I have envisioned Maimonides embracing the Torah, which is encased in a Sephardic style container known as a ‘tik’. He is seen in flight reflecting the phases of exile he and his family endured. His Egyptian sojourn and subsequent rebirth of his career as a physician is represented by the phoenix, which according to legend, was originally called the Bennu. It was associated with the Egyptian deity Osiris and identified as a heron with its long, straight back and two erect head feathers. Later named Phoenix by the Greeks for its brilliant red-gold plumage, this mythical bird was said to create itself from the fire that burned on the top of the sacred Persea tree in Heliopolis. Rising from the ashes, it symbolizes healing and immortality, just as the new sun rises from the old. The burning spice tower on the horizon alludes to the Golden Age of Spain when Judaism and Islam lived harmoniously. The tower burns, but is not consumed because of the memories that survive to become hope. Finally, the sun and moon image represents the timeless nature of dreams.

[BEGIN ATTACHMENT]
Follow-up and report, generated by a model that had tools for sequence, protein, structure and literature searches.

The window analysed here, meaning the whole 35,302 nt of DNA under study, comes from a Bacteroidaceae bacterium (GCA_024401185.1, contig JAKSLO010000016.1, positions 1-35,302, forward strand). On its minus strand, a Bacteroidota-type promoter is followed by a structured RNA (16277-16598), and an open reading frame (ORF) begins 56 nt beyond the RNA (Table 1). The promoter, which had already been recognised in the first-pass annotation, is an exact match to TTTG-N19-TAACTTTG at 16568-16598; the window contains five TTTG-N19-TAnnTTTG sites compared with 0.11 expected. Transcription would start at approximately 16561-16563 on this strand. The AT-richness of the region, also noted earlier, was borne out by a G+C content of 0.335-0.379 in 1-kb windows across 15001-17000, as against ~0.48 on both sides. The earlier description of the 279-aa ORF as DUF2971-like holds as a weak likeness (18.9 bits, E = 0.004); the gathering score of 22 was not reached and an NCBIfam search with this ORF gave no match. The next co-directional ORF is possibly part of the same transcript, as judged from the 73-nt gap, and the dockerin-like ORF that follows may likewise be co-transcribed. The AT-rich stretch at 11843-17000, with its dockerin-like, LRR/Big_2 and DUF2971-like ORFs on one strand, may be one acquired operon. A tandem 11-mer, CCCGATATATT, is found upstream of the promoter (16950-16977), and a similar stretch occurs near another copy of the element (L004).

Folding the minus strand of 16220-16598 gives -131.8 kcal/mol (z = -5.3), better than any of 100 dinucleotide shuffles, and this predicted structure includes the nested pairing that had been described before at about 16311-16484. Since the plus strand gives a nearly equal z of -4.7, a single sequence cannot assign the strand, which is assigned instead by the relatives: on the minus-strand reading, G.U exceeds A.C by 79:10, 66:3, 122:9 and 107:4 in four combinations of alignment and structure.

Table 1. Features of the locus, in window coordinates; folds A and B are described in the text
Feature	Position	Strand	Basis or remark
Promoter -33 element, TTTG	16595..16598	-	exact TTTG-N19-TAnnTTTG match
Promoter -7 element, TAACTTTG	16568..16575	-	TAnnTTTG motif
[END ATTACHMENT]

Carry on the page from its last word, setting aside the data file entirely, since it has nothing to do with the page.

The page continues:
Thanks, Ilene! Here’s where you can purchase a print of MAIMONIDES’ DREAMhttp://magiceyegallery.com/PicturePage.aspx?id=42

Postcards!

postcard.shot

I got postcards! They have my weird hand-lettering and a lovely astrolabe on the front. The back tells how to find The Western Civ User’s Guide on the internet. I’ll be sending these out to promote my blog and this history I’m writing. The plan is to eventually turn it into a printed book.

If you’d like me to send you a postcard, shoot me an email at john@johnmanders.com.

I do appreciate you guys who read my posts. Thanks for spreading the word.

By the way, these were printed at Best Printing in Oil City, Pennsylvania. Nice job, Licia!